Bulletin of the American Physical Society
71st Annual Meeting of the APS Division of Fluid Dynamics
Volume 63, Number 13
Sunday–Tuesday, November 18–20, 2018; Atlanta, Georgia
Session M26: General Fluid Dynamics: Rotating Flows and Multiphysics Phenomena 
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Chair: Amir Gat, Technion, Israel Institute of Technology Room: Georgia World Congress Center B314 
Tuesday, November 20, 2018 8:00AM  8:13AM 
M26.00001: Rotating Polygonal Depression Soliton Clusters on the Surface of a Liquid Ring. Hamid Ait Abderrahmane, Pooya Soltanian, Hoi Dick Ng, Georgios Vatistas We report the first experimental observation of rotating depression soliton sets on the inner surface of a viscous liquid ring, carrying background waves. These occur within a rotating shallow layer of oil inside a stationary cylindrical container. The solitons are organized either in single, two, or regular polygonal (triangle and hexagon) clusters; they travel in unison at a higher speed than the background traveling waves without changing their shapes. The spectral power density reveals a possible energy exchange between the soliton clusters and the background mixed radialazimuthal modulations through wave radiation. 
Tuesday, November 20, 2018 8:13AM  8:26AM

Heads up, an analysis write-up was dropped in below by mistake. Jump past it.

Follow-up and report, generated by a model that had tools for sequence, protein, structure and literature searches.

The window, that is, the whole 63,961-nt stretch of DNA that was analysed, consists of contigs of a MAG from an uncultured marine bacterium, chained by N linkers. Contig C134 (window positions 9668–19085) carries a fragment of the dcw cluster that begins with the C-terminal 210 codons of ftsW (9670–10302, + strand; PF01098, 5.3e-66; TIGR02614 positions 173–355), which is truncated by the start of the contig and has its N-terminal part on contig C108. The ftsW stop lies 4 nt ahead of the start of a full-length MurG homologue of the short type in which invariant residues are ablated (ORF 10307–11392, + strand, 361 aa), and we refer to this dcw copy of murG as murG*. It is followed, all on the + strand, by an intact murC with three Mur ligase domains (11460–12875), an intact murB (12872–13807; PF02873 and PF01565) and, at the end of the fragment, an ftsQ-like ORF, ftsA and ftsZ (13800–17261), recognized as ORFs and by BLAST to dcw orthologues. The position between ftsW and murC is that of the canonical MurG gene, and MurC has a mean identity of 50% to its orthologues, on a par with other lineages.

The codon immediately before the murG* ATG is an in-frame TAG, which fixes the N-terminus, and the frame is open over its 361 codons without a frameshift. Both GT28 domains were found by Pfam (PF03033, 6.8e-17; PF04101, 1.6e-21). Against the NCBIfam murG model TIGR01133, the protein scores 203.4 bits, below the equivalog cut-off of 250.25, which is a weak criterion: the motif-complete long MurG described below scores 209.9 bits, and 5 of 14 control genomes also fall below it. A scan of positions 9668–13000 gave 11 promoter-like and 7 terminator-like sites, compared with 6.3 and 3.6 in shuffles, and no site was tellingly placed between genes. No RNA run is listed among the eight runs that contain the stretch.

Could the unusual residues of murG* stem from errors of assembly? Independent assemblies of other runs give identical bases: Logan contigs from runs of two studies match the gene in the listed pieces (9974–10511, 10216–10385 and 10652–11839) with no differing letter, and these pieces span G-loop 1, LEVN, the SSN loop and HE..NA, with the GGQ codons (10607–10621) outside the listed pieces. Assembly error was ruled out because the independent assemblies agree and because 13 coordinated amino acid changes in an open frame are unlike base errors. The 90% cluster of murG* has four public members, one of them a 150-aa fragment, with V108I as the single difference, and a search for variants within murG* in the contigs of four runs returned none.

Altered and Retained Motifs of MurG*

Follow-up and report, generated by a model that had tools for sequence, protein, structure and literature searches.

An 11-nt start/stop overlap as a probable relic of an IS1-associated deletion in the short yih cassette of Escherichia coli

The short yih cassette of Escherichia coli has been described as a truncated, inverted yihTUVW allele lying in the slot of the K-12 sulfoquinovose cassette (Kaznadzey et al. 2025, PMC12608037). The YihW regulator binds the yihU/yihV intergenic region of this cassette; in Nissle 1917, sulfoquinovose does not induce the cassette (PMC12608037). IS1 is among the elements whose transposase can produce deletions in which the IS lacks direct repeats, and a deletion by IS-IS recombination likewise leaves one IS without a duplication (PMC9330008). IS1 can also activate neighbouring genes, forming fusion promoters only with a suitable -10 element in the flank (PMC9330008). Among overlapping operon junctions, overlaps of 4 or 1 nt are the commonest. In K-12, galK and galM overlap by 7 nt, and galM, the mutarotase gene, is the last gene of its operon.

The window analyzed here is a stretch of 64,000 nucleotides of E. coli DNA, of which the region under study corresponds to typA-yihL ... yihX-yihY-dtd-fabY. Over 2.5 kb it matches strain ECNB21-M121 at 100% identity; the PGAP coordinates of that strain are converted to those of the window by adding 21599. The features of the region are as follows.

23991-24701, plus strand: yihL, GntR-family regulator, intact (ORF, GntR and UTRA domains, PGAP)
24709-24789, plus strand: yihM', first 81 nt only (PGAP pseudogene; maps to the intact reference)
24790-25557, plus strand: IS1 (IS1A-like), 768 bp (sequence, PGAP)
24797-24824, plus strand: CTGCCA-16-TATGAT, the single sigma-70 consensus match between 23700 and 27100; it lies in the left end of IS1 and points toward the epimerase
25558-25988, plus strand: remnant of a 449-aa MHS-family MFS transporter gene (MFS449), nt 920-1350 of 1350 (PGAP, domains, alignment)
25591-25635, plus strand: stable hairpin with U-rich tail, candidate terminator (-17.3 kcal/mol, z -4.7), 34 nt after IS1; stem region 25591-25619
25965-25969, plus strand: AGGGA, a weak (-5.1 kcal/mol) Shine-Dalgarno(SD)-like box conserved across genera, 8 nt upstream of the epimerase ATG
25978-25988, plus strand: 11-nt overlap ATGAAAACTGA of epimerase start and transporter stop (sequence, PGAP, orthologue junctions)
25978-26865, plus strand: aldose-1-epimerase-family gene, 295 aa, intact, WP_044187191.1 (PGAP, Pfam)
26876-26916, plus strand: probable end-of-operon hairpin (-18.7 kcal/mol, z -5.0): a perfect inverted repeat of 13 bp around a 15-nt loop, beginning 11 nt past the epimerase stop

M26.00002: Flow induced by a rotating cone: velocity field and stability properties Antonio Segalini, Simone Camarri The flow induced by a cone which rotates around its symmetry axis is a canonical case of interest both from a fundamental and an applied viewpoints. Despite its simplicity, it has received little attention if compared to the case of a rotating disk. The boundarylayer equations in the case of a rotating cone allow for a selfsimilar solution (see Wu, Appl. sci. Res. 8, 1959) analogous to the von Kármán one for a rotating disk. This solution implies that the wallnormal velocity does not vanish far from the wall, at difference with what expected for a cone of finite size. Moreover, the cone apex induces a largescale motion in comparison to the boundary layer thickness, which is absent for the rotating disk. In this work we extend the analysis by Wu (1959) to account for viscous corrections and largescale motion due to the apex, arriving to an original correction which is also selfsimilar. We furthermore explore the influence of the proposed correction on the estimated stability properties of the flow using a weaklydivergent approach based on the assumption of a slow evolution in the streamwise direction. In addition to a standard approach, which is firstorder and in which elliptic terms are excluded, we also propose and apply here a secondorder extension.